In public policy, propositions that are wholly right or wholly wrong are rare. The proposal to abandon SALT constraints, however, is a perfect specimen of the latter. It asks the administration to give up such areas of certainty as have survived the failures of the past; it proposes to bless whatever the Soviet Union might choose to do with its options wide open; and it proposes that this step be seen as a contribution to the negotiating effort the administration is making in Geneva.

Arguments based on personalities are usually to be avoided, but in this case, it is important to consider from whence this advice comes. It comes from those in the administration who have always believed that the SALT agreements are contrary to U.S. interests, and whose views would not have changed even had the record of Soviet compliance been without blemish. The arguments they offer now, though of substance, have not led them to some agonizing reappraisal, but to the threshold of their ultimate objective: dismantling the arms control process, which they regard as a "snare and a delusion" for the United States.

SALT II died as a legal instrument in 1981, when the administration formally notified the Soviet Union that the United States would not ratify it. All obligations under the SALT I Interim Agreement on Offensive Weapons had ceased to be binding in 1977, when that agreement lapsed. Nevertheless, both governments have undertaken to preserve segments of SALT I and II by avoiding actions that would undercut them. Not wanting to associate itself with SALT, the administration dubbed this reprieve the "No-Undercut Policy."

No-Undercut may appear to be at variance with the Reagan administration's view of SALT II as a fatally flawed document. Obviously, however, the administration found it unappealing to operate under conditions of complete uncertainty as to Soviet intentions. Hence, the willingness to enter an arrangement of convenience.

Until now, this has been an arrangement that profited the United States at no cost. SALT counting rules have required the Soviets to dismantle more than 1,000 launchers for strategic weapons, as they deployed more modern systems. To my knowledge, the United States has no declared quarrel with the Soviet Union over the number of these reductions or the manner in which they have been executed. We, meanwhile, have so far been required to take no such reductions; nor will we until September, when the sea trials of our seventh Trident submarine begin. At that time, however, we must decide whether to dismantle an aging Poseidon submarine, or 14 Minuteman silos, in order to remain in compliance.

Comes now a strong push from within the administration to reject this obligation permanently by throwing off the no-undercut regime or, as a fallback, by placing submarines in drydock rather than dismantling them. Arguments in favor of this course of action are: 1) SALT II would expire this December, even if it had been in force; 2) we should not accept a double standard by complying strictly with SALT dismantling requirements, when the Soviets are giving us trouble in other areas of the treaty; and 3) the Soviets are, in any event, a satisfied nuclear power and will not markedly increase the number of their weapons, even if the last vestige of SALT were done away with.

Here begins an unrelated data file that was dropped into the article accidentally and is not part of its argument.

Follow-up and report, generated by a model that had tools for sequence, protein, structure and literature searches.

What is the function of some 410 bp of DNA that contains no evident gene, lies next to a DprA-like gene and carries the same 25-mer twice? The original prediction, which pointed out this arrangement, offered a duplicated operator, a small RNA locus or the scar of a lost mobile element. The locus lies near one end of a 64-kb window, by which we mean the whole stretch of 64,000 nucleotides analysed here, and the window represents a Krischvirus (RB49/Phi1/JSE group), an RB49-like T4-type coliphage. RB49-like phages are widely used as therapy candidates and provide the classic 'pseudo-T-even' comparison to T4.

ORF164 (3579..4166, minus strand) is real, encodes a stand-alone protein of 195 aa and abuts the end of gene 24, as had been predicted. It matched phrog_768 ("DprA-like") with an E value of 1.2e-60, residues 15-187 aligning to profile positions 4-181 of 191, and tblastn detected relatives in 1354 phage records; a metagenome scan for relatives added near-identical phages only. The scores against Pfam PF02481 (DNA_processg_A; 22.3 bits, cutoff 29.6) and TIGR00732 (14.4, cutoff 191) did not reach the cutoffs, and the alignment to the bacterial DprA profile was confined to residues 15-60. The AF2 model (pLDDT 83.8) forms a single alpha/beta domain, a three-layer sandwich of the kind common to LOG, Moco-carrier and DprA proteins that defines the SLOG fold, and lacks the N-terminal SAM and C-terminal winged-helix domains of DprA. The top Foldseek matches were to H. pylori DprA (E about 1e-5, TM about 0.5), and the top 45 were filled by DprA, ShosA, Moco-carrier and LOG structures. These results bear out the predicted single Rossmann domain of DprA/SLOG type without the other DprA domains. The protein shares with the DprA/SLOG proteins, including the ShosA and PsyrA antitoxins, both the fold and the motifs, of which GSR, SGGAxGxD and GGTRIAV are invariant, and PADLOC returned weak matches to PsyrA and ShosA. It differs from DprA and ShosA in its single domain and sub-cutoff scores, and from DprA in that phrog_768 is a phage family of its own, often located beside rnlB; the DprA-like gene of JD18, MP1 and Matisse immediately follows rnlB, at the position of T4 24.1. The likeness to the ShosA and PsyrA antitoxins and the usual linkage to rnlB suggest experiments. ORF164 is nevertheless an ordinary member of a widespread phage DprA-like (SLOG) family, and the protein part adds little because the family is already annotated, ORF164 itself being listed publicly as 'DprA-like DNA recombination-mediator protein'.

If the restraints that exist under the no-undercut policy are valuable to the United States, they should be continued regardless of the notional expiration date of SALT II. If Soviet compliance with the numerical sub-ceilings in SALT II has been satisfactory, we should make it a point to comply as well, rather than to toy with tit-for-tat violations that invite the unraveling of what is still working and still important. If the Soviets are satiated with nuclear weapons and can be counted upon not to begin a crash construction program, that should surprise those in the administration who have been obsesessed with Soviet capabilities to break out of the current constraints and suddenly proliferate the number of warheads they have. And, of course, it is the same people who cynically make both contradictory arguments.

Surely, it is madness to think that the United States should willingly give up all restraints on Soviet offensive weapons, in the teeth of their warning that the logical response to "Star Wars" is a Soviet buildup. Surely, it is clear that the SALT no-undercut policy is needed to preserve the foundation upon which both sides can ultimately erect a new agreement, if any agreement at all is in the cards. Surely, it should be understood that without such an agreement on offensive nuclear weapons, there is no future for the president's vision of a world in which defenses will have replaced offenses as the mainstay of deterrence. And that, surely, is the most important reason why the president should act with wisdom and reject the urgings of his zealots. Their victory means the defeat of his hopes . . . and the nation's.